Facebook

Legal Issues and Death in the family

Legal Issues and Death in the family

05 Sep 2018
Legal Issues and Death in the family

Legal Issues and death in the family

 

Dealing with the death of a loved one is an emotional and harrowing process, and at this difficult time, one needs to ensure that the legal and formal requirements following the death are adhered to at each stage, especially in UAE. The procedures differ depending on whether your loved one passed away at home, in hospital or elsewhere and therefore you should contact the relevant Embassy / Consulate to seek the appropriate advice.   It is worth noting that only after the formalities have been completed and the death has been registered with the appropriate authorities in UAE, will you be able to proceed with the funeral arrangements. 

 

Following the death, there are various considerations that you should be aware of :

 

  1. Insurance

If the deceased had a life insurance policy, you should notify the insurance company as soon as possible.

 

  1. Bank accounts

Local bank accounts in the name of the deceased and in joint names with third parties (for example spouses), will be frozen as soon as the bank has been made aware of the death. It is important to seek legal advice in relation to local inheritance procedures to ensure funds are preserved for the rightful heirs and also to ensure they are released as swiftly as possible so the surviving family does not experience any financial hardship.

 

  1. Employment

You should liaise with the deceased’ employers to inform them of the death. Depending on the deceased’s duration of employment and the terms of the labour contract, the calculation of final salary, outstanding holiday pay, end of service gratuity and unpaid bonuses shall need to be finalised. The legal heirs of the deceased would be entitled to such payments after the issuance of a formal Court Order. In addition, the employer would seek to cancel the visa of the deceased and the impact of this on any dependents should be considered.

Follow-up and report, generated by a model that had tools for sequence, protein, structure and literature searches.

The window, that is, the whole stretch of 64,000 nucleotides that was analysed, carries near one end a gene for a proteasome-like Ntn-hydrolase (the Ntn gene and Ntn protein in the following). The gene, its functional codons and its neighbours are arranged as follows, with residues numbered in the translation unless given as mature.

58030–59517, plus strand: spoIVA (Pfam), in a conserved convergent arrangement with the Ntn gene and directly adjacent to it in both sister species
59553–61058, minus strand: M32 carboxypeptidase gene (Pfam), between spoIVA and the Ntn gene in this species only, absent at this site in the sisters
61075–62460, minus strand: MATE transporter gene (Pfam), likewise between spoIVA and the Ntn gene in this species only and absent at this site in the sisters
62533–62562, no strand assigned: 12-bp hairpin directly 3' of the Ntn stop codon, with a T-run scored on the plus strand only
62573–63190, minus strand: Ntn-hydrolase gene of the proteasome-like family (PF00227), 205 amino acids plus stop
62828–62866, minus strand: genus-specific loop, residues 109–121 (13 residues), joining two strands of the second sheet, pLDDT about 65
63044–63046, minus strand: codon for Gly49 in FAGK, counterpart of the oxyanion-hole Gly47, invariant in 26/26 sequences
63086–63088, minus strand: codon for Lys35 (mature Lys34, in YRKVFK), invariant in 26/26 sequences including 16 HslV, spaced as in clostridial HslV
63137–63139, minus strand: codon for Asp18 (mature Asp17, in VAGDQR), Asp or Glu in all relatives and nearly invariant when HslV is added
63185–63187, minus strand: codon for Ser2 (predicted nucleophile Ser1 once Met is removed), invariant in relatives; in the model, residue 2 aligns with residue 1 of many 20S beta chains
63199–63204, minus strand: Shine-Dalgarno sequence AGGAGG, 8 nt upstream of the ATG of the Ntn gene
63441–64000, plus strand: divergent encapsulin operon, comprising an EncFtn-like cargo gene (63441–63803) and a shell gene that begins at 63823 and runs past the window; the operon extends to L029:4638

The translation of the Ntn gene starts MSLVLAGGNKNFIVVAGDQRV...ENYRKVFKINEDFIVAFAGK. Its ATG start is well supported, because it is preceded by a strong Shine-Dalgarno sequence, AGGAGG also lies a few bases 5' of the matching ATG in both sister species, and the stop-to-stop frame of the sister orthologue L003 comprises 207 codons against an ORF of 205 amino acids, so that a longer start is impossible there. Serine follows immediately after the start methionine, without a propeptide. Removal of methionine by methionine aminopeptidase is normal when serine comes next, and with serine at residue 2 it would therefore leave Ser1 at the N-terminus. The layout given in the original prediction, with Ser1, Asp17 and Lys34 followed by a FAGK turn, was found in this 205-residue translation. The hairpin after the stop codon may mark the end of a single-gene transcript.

1. Marriage

Marriage is automatically ended upon the death of a spouse.  In order to remarry, you will need to provide proof of your status. If widowed, a duly translated and attested death certificate will be required prior to marriage.    If you choose to re-marry in UAE in accordance with Islamic marriage rites, a woman will require the consent of her guardian (usually her father).  If the father has passed away she will be required to produce evidence of that, and would instead require the consent of an alternative guardian, usually the next closest male relative.

 

  1. Divorce

If a spouse dies during the divorce process in UAE, depending on whether the parties are Muslim or not, specific legal advice should be sought as to any financial claim that had been brought in divorce proceedings, to continue under a different type of proceeding in relation to the deceased's estate.

 

If you are under a spouse’s visa and your spouse passes away, your visa will also be cancelled.    Following recent changes to visa legislation in UAE, a widow shall be permitted to apply for a one-year residence visa following the death of her spouse, without the need for a sponsor. The same would apply for any minor children of the deceased.  The legislation is due to be implemented by the end of the year.

 

In the case where divorce proceedings are ongoing in another jurisdiction, and a final decree of divorce has not yet been pronounced, the proceedings shall immediately come to an end upon the death of one of the parties. In such circumstances, the surviving spouse will still be regarded as a ‘spouse’ with all the usual entitlements to death benefits. Furthermore, the surviving spouse will continue to be entitled to inherit as a beneficiary under the terms of the deceased’s last Will, or if not named in the Will, may make a formal claim against the deceased’s estate. In the absence of a Will, the surviving spouse shall benefit under the default intestacy laws applicable to the succession of the assets.